“I really don’t understand! Why didn’t you just tell her you are trying to have children?!” Now it was my friends turn to be incredulous. “Did you think you were going to educate her about feminism? What were you thinking? Why is this so difficult for you? . . . And they will ask you about the presents next time as well, I’m sure. Just go before the appointment and get a cheap bracelet from the mall, and wear it to the interview. You don’t need to leave your heart on the table.”
My friend could not wrap her mind around my (Idiotic! Inexplicable!) insistence on revealing my private life and the details of my intimate relationship to this state bureaucrat who I had never met. Honestly, it didn’t occur to me that there was another option. I began to understand from our conversations that my sincerity and transparency while dealing with these bureaucrats was a major obstacle to my own goals. Similarly, these conversations caused me to ask myself why I felt compelled to go head to head with the Israeli state. It was quite easy to understand the type of relationship they were prepared to recognize, why did I insist that they would see and acknowledge the “real” me? Was I really looking for meaningful acceptance from the state of Israel? Or from any state for that matter?
In the 2016 PoLAR article, I wrote about techniques to evade bureaucratic control, but what I was learning from my friend was somewhat different (Weiss 2016). It wasn’t what to do or say, but a subjectivity, an attitude or stance towards bureaucracy. I was learning to be compliant in order to be uncompliant. I was learning to detach my self-understanding from my bureaucratic identity. Tomas Matza (2009) wrote about how radio shows in post-Soviet Russia educate listeners in neo-liberal subjectivities and values like individualism and entrepreneurism. I was going through some kind of reversed process like that, cultivating a compliant, passive, and generic self-presentation to advance my self-interest under conditions of state surveillance.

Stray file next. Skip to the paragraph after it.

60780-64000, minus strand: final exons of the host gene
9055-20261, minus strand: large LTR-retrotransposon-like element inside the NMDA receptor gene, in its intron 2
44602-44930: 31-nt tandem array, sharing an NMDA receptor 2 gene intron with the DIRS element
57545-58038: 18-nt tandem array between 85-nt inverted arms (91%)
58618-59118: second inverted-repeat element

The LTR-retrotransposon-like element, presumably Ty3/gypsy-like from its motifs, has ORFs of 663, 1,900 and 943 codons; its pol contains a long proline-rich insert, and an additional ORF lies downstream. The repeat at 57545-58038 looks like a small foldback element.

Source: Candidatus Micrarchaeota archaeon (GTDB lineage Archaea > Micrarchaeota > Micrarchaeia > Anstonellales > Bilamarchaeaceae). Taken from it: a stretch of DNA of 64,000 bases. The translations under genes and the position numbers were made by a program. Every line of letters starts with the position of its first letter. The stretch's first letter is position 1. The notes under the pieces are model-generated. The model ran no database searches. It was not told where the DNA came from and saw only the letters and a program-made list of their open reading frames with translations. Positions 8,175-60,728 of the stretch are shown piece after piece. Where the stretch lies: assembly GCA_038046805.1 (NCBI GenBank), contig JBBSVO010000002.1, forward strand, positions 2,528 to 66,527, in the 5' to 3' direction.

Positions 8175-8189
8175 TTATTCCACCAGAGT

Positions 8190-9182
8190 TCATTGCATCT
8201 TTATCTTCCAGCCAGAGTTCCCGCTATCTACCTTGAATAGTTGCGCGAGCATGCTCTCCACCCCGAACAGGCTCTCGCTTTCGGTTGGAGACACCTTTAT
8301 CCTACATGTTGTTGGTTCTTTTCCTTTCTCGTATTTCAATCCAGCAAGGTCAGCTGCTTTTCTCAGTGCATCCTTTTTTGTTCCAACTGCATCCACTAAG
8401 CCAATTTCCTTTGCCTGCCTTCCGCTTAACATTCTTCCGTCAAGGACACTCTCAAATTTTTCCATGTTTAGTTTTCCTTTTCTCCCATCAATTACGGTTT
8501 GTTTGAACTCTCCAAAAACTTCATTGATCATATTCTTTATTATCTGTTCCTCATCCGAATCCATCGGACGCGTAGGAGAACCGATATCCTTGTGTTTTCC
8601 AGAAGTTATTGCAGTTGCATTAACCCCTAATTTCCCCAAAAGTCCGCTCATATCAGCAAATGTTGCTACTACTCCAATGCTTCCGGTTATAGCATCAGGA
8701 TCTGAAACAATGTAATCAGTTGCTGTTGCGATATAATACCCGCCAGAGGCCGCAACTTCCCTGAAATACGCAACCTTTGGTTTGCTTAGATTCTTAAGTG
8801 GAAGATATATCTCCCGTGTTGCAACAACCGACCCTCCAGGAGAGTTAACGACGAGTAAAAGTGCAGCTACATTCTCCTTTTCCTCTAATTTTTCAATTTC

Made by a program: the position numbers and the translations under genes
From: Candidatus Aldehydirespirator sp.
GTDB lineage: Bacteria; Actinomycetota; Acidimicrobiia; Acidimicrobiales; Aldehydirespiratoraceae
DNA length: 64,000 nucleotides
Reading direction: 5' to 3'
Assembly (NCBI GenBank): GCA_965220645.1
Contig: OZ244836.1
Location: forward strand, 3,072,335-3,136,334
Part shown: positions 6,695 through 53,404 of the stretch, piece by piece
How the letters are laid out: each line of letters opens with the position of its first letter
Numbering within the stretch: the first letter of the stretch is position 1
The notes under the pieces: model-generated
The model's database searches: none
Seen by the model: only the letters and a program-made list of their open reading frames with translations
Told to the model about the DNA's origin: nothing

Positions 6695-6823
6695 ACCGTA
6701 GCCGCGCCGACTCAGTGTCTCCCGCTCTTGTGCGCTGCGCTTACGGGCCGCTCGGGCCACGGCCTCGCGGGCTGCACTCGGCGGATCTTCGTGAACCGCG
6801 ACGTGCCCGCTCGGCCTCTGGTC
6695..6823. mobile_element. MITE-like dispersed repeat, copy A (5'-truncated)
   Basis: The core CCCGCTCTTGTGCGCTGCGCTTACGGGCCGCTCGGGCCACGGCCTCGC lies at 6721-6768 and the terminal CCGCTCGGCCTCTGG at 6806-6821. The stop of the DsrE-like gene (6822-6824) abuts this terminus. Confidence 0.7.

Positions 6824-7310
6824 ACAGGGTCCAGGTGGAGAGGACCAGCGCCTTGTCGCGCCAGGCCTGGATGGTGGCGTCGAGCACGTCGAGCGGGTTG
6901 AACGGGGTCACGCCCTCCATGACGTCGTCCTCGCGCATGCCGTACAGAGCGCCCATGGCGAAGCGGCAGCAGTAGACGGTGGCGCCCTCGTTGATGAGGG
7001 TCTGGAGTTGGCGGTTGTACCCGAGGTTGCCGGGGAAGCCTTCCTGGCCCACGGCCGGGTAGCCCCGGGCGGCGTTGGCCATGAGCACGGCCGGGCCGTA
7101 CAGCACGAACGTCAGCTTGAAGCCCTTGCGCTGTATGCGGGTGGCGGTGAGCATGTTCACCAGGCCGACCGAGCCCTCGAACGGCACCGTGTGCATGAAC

So. . .
I got flowers on my birthday last month. We’re trying to have kids. Ma’am, I’m definitely not going to tell you that the US government cannot actually confirm that I have never been married before because the US has a far more decentralized system of governance which can be traced back to the colonial origins and the unsettled tension between states’ rights and federal control. Instead, I’m going to say, yes, here is the affidavit witnessed by the US embassy. So many stamps and signatures on it! Wow, that seal is shiny and official looking.
I found this re-educational experience very surprising. Extinguishing reverence for the government was not a lesson I thought I had needed. In my American upbringing, there was no love lost on the government. I was warned about rampant overreach. I was taught by my parents never to talk to the police. Once, the police came to school and wanted to finger print kids “for their own safety” in case they get lost or kidnapped. Maybe when hell freezes over, said my parents and the parents of all my friends. But, I realized that all of this suspicion was focused around one single technique of resisting, which was keeping the state at arms-length and refusing cooperation. I had no other coping mechanism apart from saying “You can’t ask me that!” But the American libertarian approach, being based completely on avoidance, had, I realized, given the state disproportionate power in my mind. Just as the sacred must be kept at a distance, in this case it was the distance itself that created unintentional veneration. When the American libertarian script failed, and I was forced into close proximity with the thing I had so feared and vilified, it did not occur to me to abandon the norm of Protestant sincerity, revealing everything, holding nothing back (Keane 2002).